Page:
Results. Slightly more than one-fifth (17.1%; 30) of the 175 child participants had one or more atopic conditions. Six children (2.9%) had asthma and 14.3% (25) had other conditions such as rhinoconjunctivitis (hay fever) and atopic dermatitis. Five of the six children (80%) with asthma also had other atopies. The children were reported to have several different types of allergy triggers. These included dust/soil, pollen, mold, furred animal dander, foods (i.e., avocado, pizza, tunafish, peach, egg, and fried meat), drug (penicillin, sulfa drugs), and stuffed animal toys. Children with a familial history of atopy (34.8%; 16) were more likely than those without (10.9%; 14) to develop asthma or other atopic conditions during childhood (OR= 4.38, 95% C.I. = 1.93, 9.97; P < 0.0001). Children who were fed with any artificial formula during the first 3-4 months (13.2%; 7) were not at increased risk than others (18.9%; 23) to develop atopy (OR=1.53; 0.62, 3.81. Children who were exclusively fed with breast milk for the first six months after birth (3.2%; 1) had a marginally reduced risk than others (20.1%; 29) for developing atopy (OR= 0.13; 95% CI= 0.17, 1.01). It was not possible to assess the contribution of intestinal helminth infection to childhood atopy due to the absence of these in any serial stool samples.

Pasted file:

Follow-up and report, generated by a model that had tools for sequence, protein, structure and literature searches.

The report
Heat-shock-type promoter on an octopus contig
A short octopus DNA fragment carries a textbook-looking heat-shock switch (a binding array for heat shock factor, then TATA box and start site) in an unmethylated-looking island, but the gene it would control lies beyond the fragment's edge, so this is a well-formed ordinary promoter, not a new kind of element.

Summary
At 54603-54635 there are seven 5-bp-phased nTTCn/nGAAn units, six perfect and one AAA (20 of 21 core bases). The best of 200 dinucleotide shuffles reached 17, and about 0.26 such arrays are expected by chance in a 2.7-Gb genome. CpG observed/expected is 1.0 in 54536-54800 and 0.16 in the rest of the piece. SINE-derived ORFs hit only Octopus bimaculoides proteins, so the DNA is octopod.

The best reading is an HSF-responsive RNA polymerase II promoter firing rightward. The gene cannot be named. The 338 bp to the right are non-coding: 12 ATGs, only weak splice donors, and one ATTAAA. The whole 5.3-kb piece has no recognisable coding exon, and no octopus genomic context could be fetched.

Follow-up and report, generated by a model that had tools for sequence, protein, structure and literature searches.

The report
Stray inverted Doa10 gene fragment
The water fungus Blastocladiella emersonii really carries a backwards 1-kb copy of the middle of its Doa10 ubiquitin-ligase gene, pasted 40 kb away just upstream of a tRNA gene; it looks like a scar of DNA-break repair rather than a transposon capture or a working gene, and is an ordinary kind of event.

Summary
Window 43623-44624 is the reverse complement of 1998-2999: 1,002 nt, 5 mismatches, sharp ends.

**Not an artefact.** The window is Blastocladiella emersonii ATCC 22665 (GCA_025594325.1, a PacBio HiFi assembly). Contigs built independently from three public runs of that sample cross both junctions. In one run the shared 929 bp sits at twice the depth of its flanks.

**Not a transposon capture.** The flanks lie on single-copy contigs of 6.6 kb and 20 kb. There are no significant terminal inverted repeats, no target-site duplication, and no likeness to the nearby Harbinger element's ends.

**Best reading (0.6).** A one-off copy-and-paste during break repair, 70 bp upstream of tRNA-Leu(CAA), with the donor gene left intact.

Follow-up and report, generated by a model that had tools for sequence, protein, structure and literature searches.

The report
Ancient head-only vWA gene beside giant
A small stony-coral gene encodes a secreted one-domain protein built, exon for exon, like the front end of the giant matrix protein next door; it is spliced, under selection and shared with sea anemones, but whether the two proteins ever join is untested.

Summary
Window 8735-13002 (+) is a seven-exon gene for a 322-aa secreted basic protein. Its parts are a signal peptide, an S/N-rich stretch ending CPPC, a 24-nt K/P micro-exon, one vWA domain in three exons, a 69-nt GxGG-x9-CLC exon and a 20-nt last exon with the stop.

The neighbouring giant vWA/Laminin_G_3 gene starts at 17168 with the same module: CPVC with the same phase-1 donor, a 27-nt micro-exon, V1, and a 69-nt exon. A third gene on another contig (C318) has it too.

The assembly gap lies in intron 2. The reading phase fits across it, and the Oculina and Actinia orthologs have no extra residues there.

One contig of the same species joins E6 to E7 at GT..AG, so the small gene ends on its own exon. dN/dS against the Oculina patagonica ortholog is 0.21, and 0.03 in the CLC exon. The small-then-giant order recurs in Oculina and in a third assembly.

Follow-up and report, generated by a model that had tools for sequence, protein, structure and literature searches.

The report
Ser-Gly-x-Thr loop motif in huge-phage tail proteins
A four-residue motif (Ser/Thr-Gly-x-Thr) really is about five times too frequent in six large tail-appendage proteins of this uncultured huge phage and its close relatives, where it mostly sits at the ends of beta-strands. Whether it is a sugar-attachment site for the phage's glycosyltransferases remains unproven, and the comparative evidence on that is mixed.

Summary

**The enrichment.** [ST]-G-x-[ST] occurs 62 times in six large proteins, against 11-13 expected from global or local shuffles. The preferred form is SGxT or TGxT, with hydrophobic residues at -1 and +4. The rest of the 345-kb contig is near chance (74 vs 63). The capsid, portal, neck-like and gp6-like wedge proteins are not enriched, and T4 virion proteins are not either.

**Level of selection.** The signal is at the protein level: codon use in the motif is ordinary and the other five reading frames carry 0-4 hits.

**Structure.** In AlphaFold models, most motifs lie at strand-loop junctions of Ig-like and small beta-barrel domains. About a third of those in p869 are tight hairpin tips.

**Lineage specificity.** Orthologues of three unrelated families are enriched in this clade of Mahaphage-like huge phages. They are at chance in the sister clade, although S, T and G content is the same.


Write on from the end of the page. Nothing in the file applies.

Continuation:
The environmental factors identified as significant in the bivariate analyses included current obesity, early solid food introduction (< 4 mos. of age), meat/fish introduction (< 12 mos. of age) and a positive history for severe respiratory infection history. The results of the multiple regression analysis revealed that childhood obesity (AOR=2.78; 95% C.I.= 1.11, 6.96), early solid food introduction (AOR=3.66; 95% C.I.= 1.43, 9.33), and meat/fish introduction before the first year of life (AOR=3.15; 95% C.I.= 1.24, 8.02) remained significant even when controlling for the influence of the other variables in the model. However, the contribution of severe respiratory infection history was no longer apparent and was dropped from the model (AOR=3.36; 95% C.I.= 0.95, 12.0).

Conclusions and Recommendations. The study results confirmed that young children with history of family allergy are at very high risk for developing atopy compared to others. The three environmental factors (i.e., premature introduction of solid food and foreign animal proteins, and child obesity) associated with an increased risk for atopy are all potentially modifiable through dietary and physical activity education/promotion.




Received from ProQuest

File Size

62 pages

File Format


Rights Holder

Julia Laura Alvarez